Discoveries in the Spring Garden


Last month as I was in the process of writing a short article on spring soil prep in the garden for the Carolina Farm Stewardship Association, I stepped out in the yard to actually start the process of preparing my beds for planting beginning with a spring clean-up. In the process of removing weeds and dead leaves, I uncovered a sleepy little toad. It was still cool outside so he didn’t even really wake up from his torpid sleep as I picked him up and gently placed him in another cozy pile of leaves where he could snooze a little longer. In all, I uncovered 3 sleepy toads. This was awesome because these nocturnal little fellows can eat up to 1000 insects a night. I was thrilled to find them in my garden. This is good news for me for this coming growing season!

Identifying the new and familiar

Then as I was clearing away some dead grapevines, I noticed about a half dozen strange looking chrysalises on them. After taking a picture of them, I sent the photo to my Extension Agent, Shawn Banks, and he said they were praying mantis egg cases. But I hadn’t seen any like these so I sent him a picture I’d taken the year before of a praying mantis egg case. (Isn’t technology wonderful?) He emailed back that there were different kinds of praying mantis and suggested that I might enjoy putting a few of them in a jar to see what hatched out.

I remembered seeing the biggest praying mantis I’ve ever seen in that part of the garden last year, so that’s my bet about what it will be – the grandkids are certainly excited about it! I also learned that these odd looking egg cases are made when the mantis deposits her eggs in a frothy mass that hardens, creating a protective capsule called an ootheca . Here are the two different kinds of praying mantis egg cases I found:

Praying Mantis Eggcase

Praying Mantis Eggcase (Photo: Connie Schulz)

Praying Mantis ootheca

Praying Mantis ootheca (Photo: Connie Schulz)

Along with the egg cases, I also found two argiope egg sacs, looking very battered by the winter but intact none the less. This was good news as these big boldly colored spiders (3-4” across, including legs) have been such an asset in my garden, eating many of the insects that eat my plants. To repay her, I protected her egg sac when I found it last fall while harvesting, carefully leaving it to hatch in the spring.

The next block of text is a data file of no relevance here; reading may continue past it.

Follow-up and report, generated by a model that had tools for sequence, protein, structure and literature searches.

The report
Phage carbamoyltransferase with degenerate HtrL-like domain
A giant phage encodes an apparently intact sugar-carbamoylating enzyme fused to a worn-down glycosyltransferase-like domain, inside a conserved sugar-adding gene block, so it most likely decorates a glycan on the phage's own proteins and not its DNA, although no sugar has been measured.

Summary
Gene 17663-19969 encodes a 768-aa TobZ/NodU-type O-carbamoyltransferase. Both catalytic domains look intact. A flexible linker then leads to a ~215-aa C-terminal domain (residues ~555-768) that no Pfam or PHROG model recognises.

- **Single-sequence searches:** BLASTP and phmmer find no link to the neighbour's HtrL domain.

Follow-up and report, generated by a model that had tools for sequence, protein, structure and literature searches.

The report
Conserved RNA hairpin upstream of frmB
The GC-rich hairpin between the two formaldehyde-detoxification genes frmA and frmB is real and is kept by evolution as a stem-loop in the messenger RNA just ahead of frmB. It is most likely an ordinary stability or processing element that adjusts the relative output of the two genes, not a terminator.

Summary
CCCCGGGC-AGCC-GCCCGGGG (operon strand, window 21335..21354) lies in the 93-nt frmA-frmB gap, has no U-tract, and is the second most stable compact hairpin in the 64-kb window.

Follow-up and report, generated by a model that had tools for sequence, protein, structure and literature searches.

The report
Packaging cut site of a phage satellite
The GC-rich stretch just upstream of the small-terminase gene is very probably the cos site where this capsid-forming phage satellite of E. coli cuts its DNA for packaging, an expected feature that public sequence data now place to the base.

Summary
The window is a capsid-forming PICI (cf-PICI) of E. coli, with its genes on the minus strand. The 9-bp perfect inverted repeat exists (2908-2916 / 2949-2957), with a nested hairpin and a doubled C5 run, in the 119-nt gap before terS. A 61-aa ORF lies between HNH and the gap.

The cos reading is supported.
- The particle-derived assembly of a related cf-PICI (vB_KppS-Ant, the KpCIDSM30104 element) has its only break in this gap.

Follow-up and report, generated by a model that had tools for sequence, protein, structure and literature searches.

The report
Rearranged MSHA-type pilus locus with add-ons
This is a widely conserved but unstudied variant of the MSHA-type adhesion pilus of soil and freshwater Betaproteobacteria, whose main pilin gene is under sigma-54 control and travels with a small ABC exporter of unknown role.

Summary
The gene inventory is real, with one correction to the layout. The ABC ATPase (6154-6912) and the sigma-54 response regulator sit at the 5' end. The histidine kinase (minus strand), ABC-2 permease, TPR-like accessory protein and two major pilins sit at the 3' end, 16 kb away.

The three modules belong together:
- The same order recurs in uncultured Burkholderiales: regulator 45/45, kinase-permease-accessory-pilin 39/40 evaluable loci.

Argiope spider

Argiope spider (Photo: Connie Schulz)

Argiope Egg sac (Photo: Connie Schulz)


Discovering the balance in my garden helps me keep the balance in my garden

One of the things I love about gardening is this constant process of discovery. Every time I step out the door, discoveries await me and I learn something new. Who knew that Praying Mantises had different egg cases or that they were called oothecas? And it’s gratifying to see all these creatures making their homes here in my backyard – toads and praying mantises and spiders and lizards and birds and assassin bugs and cicadas….the list is long! They’re all signs of a healthy balance of fauna in the garden. I’m so relieved that Extension’s IPM (Integrated Pest Management) decision making process encourages people not to spray every creature with 6 or 8 legs but to watch and wait and learn. Like learning that ants tend aphids like cows – that’s so amazing!

When I have these treasures in my garden, I tend to be more cautious about what I apply to the foliage or on the ground. Yes, I struggle with squash bugs and Harlequin beetles (they were terrible last year!) but I’m also blessed with tachinid wasps, scoliid wasps, bees, and more. These creatures help keep my garden green and fruitful without the help or hazards of chemical fertilizers, pesticides, herbicides, or fungicides – just lots of compost, sun, and rain.

How about you?

So what spring discoveries do you enjoy in your garden? How do you protect and preserve the natural diversity you find there?

-Connie Schultz is a Master Gardener and Composter who lives and gardens in Johnston County, NC. She originally wrote a version of this article for the Carolina Farm Stewardship Association (CFSA) – visit their site at to find out more about their activities to promote healthy organic food in the Carolinas.

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